Location: Africa
Contact:

Re: Science news of the day thread.

Post by rainbow » Wed Oct 05, 2022 8:33 am

rasetsu wrote:
Tue Oct 04, 2022 9:54 pm
Purdue University chemists have discovered a mechanism for peptide-forming reactions to occur in water — something that has baffled scientists for decades.

“This is essentially the chemistry behind the origin of life,” said Graham Cooks. He is the Henry Bohn Hass Distinguished Professor of Analytical Chemistry in Purdue’s College of Science. “This is the first demonstration that primordial molecules, simple amino acids, spontaneously form peptides, the building blocks of life, in droplets of pure water. This is a dramatic discovery.”

This water-based chemistry, which leads to proteins and ultimately to life on Earth, could also lead to the faster development of medicines to treat humanity’s most debilitating diseases. The team’s discovery was published today (October 3, 2022) in the journal Proceedings of the National Academy of Sciences.

Scientists have theorized for decades that life on Earth began in the oceans. However, the chemistry behind this remained an enigma. Raw amino acids — something that meteorites delivered to early Earth daily — can react and latch together to form peptides. These are the building blocks of proteins and, eventually, life. Strangely, the process requires the loss of a water molecule, which seems exceedingly improbable in a wet, aqueous, or oceanic environment. For life to form, it required water. However, it also needed space away from the water.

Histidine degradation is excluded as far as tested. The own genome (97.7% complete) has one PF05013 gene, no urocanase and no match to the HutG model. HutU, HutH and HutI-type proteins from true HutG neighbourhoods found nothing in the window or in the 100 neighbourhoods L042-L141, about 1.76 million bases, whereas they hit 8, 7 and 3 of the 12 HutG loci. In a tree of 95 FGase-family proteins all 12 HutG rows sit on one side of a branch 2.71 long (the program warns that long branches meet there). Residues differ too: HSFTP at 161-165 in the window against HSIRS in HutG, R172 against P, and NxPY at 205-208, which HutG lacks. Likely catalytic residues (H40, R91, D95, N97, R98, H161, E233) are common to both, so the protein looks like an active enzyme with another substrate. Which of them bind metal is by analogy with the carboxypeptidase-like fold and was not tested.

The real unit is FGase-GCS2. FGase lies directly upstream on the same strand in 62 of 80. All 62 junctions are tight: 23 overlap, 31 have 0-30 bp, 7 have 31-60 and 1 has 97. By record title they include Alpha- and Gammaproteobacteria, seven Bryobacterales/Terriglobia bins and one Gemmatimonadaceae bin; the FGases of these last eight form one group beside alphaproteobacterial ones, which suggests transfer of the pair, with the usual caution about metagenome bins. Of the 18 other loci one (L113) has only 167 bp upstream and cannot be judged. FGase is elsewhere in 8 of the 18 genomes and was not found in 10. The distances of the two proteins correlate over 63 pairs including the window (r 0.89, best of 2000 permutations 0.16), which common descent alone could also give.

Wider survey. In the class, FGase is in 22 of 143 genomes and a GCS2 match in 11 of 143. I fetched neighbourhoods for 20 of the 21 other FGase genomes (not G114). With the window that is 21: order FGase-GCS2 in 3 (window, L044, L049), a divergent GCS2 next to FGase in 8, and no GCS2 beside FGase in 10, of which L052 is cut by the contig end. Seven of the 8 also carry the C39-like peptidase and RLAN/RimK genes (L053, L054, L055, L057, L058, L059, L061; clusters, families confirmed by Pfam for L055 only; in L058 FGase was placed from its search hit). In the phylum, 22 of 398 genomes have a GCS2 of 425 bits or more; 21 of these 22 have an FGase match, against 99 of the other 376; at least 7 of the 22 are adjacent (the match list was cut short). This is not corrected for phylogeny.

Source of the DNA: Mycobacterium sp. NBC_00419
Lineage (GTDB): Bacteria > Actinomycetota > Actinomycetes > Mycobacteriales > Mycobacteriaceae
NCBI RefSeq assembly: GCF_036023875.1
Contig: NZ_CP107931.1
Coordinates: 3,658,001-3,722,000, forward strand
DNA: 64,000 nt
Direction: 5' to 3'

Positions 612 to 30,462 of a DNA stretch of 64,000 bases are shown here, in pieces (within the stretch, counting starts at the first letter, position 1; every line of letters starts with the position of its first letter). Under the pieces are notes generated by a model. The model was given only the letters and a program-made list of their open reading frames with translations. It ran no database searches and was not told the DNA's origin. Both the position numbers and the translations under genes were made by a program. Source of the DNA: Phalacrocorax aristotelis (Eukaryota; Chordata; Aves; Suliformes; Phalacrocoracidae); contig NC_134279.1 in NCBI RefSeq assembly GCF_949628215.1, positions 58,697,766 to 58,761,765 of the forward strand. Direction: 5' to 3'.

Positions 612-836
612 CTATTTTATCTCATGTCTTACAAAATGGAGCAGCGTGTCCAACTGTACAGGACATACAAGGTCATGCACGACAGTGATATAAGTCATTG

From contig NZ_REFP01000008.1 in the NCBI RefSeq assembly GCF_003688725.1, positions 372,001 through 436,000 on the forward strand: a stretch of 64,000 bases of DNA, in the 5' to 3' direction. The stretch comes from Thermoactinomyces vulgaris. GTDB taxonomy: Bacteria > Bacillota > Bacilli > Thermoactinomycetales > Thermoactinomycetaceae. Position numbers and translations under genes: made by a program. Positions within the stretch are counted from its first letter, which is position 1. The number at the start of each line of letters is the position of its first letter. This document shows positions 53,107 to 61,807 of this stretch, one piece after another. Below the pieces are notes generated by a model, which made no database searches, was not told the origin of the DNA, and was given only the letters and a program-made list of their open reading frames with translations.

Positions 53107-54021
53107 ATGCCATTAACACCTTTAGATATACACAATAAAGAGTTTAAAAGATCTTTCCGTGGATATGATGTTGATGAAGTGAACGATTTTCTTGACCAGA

Cooks, an expert in mass spectrometry and early Earth chemistry, and his research team have uncovered the answer to the riddle: “Water isn’t wet everywhere.” On the margins, where the water droplet meets the atmosphere, extremely quick reactions can take place, transforming abiotic amino acids into the building blocks of life. Therefore, fertile landscapes for life’s potential evolution were in places where sea spray flies into the air and waves pound the land, or where fresh water burbles down a slope.

The chemists have been using mass spectrometers to examine chemical reactions in droplets containing water for more than 10 years.

“The rates of reactions in droplets are anywhere from a hundred to a million times faster than the same chemicals reacting in bulk solution,” Cooks said.

The swift rates of these reactions make catalysts unnecessary, speeding up the reactions and, in the case of early Earth chemistry, making the evolution of life possible. Decades of scientific investigation have been focused on figuring out how this mechanism works. The secret of how life emerged on Earth can help scientists better understand why it happened and guide their search for life on other planets, or even moons.